“All the great realists, from Austen to Alice Munro, are at the same time great formalists. But this will be unceasingly difficult: for the writer has to act as if the available novelistic methods are continually about to turn into mere convention and so has to try to outwit that inevitable aging. The true writer, that free servant of life, is one who must always be acting as if life were a category beyond anything the novel has yet grasped; as if life itself were always on the verge of becoming conventional.” ----------- When it comes to fiction, a writer can have all the technical skills in the world but what will really, really set them apart is . . . drum roll with capitals: IMAGINATION.


A great realist; a great formalist - Canadian author Alice Munro ( )
  Glenn_Russell | Nov 13, 2018 |
No primeiro capítulo o autor discorre amplamente sobre o discurso indireto livre, aquele que é caracterizado pelo personagem narrador mas que obviamente sofre a interferência do autor e vice-versa.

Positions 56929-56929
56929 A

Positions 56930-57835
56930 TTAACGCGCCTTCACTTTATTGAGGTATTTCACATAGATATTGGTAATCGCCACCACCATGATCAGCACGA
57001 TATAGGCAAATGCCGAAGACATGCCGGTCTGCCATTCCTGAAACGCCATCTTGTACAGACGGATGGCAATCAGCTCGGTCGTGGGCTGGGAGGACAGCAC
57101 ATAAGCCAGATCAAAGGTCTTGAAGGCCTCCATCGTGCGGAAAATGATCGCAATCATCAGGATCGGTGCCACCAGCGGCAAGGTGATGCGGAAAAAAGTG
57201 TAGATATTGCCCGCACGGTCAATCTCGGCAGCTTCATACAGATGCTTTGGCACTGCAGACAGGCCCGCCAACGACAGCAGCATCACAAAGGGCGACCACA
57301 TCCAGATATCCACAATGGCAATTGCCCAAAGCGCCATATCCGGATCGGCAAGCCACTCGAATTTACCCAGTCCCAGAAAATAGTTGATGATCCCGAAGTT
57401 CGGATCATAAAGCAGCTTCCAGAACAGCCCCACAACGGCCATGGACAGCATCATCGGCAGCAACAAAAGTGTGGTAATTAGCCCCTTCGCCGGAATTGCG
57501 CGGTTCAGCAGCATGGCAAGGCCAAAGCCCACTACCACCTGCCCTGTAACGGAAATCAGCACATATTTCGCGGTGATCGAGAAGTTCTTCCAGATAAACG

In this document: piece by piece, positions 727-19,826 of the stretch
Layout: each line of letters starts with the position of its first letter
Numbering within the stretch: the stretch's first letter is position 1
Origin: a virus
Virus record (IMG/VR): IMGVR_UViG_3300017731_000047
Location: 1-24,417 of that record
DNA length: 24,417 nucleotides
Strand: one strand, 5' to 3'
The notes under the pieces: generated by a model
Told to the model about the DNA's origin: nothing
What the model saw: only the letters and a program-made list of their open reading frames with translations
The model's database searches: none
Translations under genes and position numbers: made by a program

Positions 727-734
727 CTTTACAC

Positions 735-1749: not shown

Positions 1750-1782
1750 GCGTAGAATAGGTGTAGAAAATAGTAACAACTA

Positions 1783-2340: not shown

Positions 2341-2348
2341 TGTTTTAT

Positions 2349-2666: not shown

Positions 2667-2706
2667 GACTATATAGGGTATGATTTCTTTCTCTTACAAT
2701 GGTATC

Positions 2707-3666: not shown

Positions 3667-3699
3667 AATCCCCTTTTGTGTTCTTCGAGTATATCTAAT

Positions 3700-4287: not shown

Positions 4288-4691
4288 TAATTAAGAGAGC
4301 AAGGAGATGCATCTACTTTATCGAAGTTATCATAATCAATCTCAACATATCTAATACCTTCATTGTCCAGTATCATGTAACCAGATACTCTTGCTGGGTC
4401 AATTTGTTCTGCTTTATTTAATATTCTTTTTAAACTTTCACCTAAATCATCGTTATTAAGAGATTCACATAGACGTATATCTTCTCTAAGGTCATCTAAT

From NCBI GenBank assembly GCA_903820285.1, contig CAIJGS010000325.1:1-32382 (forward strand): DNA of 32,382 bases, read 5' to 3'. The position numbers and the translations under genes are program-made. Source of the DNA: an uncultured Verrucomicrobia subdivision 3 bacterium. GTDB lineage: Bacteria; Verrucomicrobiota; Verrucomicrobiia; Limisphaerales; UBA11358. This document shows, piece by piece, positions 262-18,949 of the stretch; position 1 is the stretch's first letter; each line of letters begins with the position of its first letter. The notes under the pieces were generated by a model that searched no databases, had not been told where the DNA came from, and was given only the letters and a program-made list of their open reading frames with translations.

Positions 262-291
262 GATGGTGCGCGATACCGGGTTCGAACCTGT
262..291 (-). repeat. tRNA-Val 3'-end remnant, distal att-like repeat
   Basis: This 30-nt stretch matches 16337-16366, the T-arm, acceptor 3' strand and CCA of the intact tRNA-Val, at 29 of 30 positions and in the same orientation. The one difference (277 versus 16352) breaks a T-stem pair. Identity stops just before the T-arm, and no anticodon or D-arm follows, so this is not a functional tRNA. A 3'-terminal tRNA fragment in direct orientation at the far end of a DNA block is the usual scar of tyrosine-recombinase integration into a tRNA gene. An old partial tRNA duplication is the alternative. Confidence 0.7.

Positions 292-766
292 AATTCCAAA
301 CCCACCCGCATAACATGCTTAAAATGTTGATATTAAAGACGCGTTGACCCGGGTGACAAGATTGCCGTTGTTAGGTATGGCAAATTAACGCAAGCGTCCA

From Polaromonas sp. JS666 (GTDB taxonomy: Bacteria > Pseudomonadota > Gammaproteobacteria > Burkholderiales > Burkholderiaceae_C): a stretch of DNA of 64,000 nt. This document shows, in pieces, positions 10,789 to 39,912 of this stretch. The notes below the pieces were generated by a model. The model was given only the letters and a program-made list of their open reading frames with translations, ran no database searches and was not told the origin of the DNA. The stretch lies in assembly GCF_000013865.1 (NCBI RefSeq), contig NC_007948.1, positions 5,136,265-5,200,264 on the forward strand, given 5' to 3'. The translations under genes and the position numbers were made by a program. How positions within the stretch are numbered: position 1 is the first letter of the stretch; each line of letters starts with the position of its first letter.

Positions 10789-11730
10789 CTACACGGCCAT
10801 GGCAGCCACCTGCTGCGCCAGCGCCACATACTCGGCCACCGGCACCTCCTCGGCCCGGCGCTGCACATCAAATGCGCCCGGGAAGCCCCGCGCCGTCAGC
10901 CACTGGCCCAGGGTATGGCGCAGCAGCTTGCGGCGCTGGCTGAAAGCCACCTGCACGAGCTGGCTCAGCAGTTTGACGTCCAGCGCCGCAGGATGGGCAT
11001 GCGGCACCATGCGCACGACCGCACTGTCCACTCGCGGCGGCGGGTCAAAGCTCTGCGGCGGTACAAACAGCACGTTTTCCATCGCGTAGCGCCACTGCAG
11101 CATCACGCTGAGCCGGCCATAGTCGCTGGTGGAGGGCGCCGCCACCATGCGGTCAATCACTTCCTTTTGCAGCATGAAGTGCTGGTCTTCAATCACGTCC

No segundo capítulo Wood demonstra o quão influente foi Flaubert não apenas para a literatura mas também para o cinema que nem sequer havia sido inventado.
No capítulo 3 há as considerações sobre o flanêur flaubertiano, aquele personagem tão atento que registra as coisas ao seu redor como uma câmera, diferindo do que fazia Balzac que descrevia de forma muito mais dispersa.
No quarto capítulo Wood discorre sobre a tangibilidade do detalhe, contradiz Barthes no que se refere a um significante inútil apresentado entre os detalhes e pontua que um bom escritor nunca explica a presença do detalhe.
No capítulo 5 Wood exemplifica os conceitos de personagens redondo e plano de acordo dom E.M. Forster, dois quais ele não concorda pois designios espaciais não seriam adequados.
No sexto capítulo Wood monta uma retrospectiva da evolução da consciência na literatura, tendo como pontos-chave Diderot, Stendhal e Dostoiévski.
No capítulo 7 há algumas considerações sobre a empatia, tanto do autor em relação aos seus personagens quanto destes entre si, além de pinceladas sobre a filosofia moral.
No oitavo capítulo há uma variada exemplificação sobre a linguagem de certo autores, evidenciado os mais diferentes tipos de metáfora.
No capítulo 9 ocorre as intermitâncias do diálogo segundo as visões de Naipaul e Henry Green, este último sempre batendo na tecla dogmaticamente de que o diálogo é a única forma de se descobrir o personagem.